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New Ordinance Sends All Chicago Employees Back to Training

Labor & Employment Tracy Bradford Farley

Amendments to Chicago’s Human Rights Ordinance (“Ordinance”) that implement new policy and training requirements will take effect on July 1, 2022. The Ordinance imposes various requirements on Chicago employers regarding sexual harassment prevention that exceed their current policy and training obligations under the Illinois Human Rights Act ("IHRA"). Employers subject to these changes include employers having one or more employees engaged to work within Chicago's geographic limits. According to the Mayor’s Office, these changes have been made in an effort to “increase accountability across communities and within workplaces and dispel the myth that sexual harassment is a personal issue.”

Written Policy Requirements

Under the new Ordinance, all Chicago employers are required to have a written policy on sexual harassment, which at a minimum must include: (1) a statement that sexual harassment is illegal in Chicago; (2) the definition of sexual harassment as provided for in the Ordinance, which is broader than the definition under federal or state law in that it now includes sexual misconduct (defined as "any behavior of a sexual nature which also involves coercion, abuse of authority, or misuse of an individual's employment position"); (3) a summary of the training requirements for all employees; (4) examples of prohibited conduct that would constitute sexual harassment; (5) details on how to report sexual harassment within the organization as well as the legal services, including governmental, available to victims of sexual harassment; and (6) a statement that retaliation for reporting sexual harassment is illegal in Chicago. The written policy must be made available to employees in their primary language within the first calendar week of starting employment with a model sexual harassment policy being made available on the Chicago Commission on Human Relations ("CCHR") website by July 1, 2022. The Ordinance expands written policy requirements to all Chicago businesses, which differs from the previous IHRA written policy requirement that only applied to Chicago bars and restaurants.

Training and Notice Requirements

All employees are expected to receive a minimum of one hour of sexual harassment prevention training and one hour of bystander intervention training. Managers and supervisors are required to complete an additional hour of sexual harassment prevention training. The updated training must be completed no later than June 30, 2023 and annual retraining is required. The State currently provides IHRA-compliant sexual harassment training templates, which will remain sufficient for the one hour of sexual harassment prevention training for all employees under the new Ordinance. Employers may utilize their own training, but it must meet or exceed State requirements. Training modules for the additional hour of sexual harassment prevention training for managers and supervisors and the additional hour of bystander intervention training for all employees will be made available on the CCHR website by July 1, 2022.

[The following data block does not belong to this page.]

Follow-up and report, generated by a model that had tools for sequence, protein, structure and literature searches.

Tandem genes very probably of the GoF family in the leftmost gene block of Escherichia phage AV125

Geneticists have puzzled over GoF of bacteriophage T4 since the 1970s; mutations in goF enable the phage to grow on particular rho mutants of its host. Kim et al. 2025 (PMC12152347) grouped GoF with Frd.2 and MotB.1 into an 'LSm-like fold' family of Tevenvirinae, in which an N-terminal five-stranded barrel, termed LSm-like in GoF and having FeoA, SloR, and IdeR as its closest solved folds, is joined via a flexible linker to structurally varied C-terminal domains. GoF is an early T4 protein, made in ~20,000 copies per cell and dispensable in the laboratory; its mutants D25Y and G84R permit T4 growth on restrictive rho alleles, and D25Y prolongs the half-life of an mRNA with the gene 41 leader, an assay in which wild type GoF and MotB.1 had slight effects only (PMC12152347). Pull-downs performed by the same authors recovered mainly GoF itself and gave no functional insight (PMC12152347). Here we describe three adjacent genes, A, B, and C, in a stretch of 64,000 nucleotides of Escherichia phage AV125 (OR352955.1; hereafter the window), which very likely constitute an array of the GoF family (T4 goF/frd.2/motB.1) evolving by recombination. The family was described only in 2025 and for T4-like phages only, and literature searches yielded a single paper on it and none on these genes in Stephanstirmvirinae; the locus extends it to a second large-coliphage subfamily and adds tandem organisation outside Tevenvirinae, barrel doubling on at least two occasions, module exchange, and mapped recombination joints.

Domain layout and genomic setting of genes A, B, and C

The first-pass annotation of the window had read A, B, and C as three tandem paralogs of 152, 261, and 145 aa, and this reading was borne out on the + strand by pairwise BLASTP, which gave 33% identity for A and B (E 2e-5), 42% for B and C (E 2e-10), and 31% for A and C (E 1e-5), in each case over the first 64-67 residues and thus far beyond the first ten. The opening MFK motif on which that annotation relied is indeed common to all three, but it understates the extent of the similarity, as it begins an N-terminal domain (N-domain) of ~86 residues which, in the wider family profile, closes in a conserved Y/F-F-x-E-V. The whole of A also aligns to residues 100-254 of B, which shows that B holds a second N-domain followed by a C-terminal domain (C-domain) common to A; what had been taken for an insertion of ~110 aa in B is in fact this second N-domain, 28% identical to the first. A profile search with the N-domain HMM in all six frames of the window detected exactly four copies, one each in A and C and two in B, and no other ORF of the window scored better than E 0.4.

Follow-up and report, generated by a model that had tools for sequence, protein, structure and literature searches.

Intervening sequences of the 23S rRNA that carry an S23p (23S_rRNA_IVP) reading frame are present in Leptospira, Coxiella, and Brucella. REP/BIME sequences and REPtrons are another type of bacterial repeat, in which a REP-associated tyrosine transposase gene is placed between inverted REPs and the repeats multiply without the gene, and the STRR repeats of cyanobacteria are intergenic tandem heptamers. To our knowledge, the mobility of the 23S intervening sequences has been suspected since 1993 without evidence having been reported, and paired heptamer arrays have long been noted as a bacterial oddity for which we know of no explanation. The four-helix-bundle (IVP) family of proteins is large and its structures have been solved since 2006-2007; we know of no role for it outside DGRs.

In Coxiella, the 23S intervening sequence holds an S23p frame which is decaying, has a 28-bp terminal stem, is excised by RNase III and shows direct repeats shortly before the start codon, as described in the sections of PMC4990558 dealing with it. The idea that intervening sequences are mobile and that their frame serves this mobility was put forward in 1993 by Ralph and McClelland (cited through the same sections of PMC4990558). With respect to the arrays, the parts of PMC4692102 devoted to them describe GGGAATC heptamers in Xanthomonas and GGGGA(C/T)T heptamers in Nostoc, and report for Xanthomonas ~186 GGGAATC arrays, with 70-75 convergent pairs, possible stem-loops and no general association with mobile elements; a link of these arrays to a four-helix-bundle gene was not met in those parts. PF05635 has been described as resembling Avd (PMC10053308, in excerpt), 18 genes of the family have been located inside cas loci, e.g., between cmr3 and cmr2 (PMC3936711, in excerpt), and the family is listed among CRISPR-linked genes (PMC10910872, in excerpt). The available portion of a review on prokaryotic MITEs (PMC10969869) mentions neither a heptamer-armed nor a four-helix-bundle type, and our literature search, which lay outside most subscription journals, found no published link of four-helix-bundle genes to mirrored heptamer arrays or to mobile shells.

Employers will also be required to display a poster in an area where employees commonly gather advising of the prohibition on sexual harassment. This poster must be displayed in English and Spanish and will be made available on the CCHR website by July 1, 2022. Employers should consider additional ways to display the poster for their remote employees to ensure compliance.


Employers must retain records regarding their compliance with the Ordinance, including their sexual harassment policy, training and posters, for at least five years or for the duration of any pending claim, civil action, or investigation under the Ordinance. Failure to comply with these recordkeeping requirements creates a rebuttable presumption that the employer violated the Ordinance.


Employers who violate the written policy, training or notice requirements under the Ordinance will be fined between $500 and $1,000 for each offense. The Ordinance also significantly increases the penalties for all forms of discrimination from $500-$1,000 to $5,000-$10,000 per violation. Each day that a violation continues will constitute a separate and distinct event.

In addition, complainants will now have 365 days, instead of just 300 days, to bring forth a claim of discrimination, including sexual harassment. A person against whom a sexual harassment claim is filed must be provided with a copy of the complaint within 30 days of its filing with the agency, an increase from the previous 10 day limit. This expanded notification period is intended to mitigate any potential retaliation, such as a denial of a reasonable accommodation request under the Illinois Victim’s Economic Security and Safety Act.


Employers with operations within Chicago should work with legal counsel to reevaluate their sexual harassment policies, training and posters to ensure compliance with the new Chicago Ordinance as well as existing requirements under the IHRA. In addition, states like California, Connecticut, Delaware, Maine, New York and Washington have comparable training laws in place, so multi-state employers also may wish to consult with legal counsel in order to coordinate these state-specific requirements. For such assistance, please contact your local Quarles & Brady attorney or:

Special thanks to summer associate Rucha Shastri for her contributions to this article.

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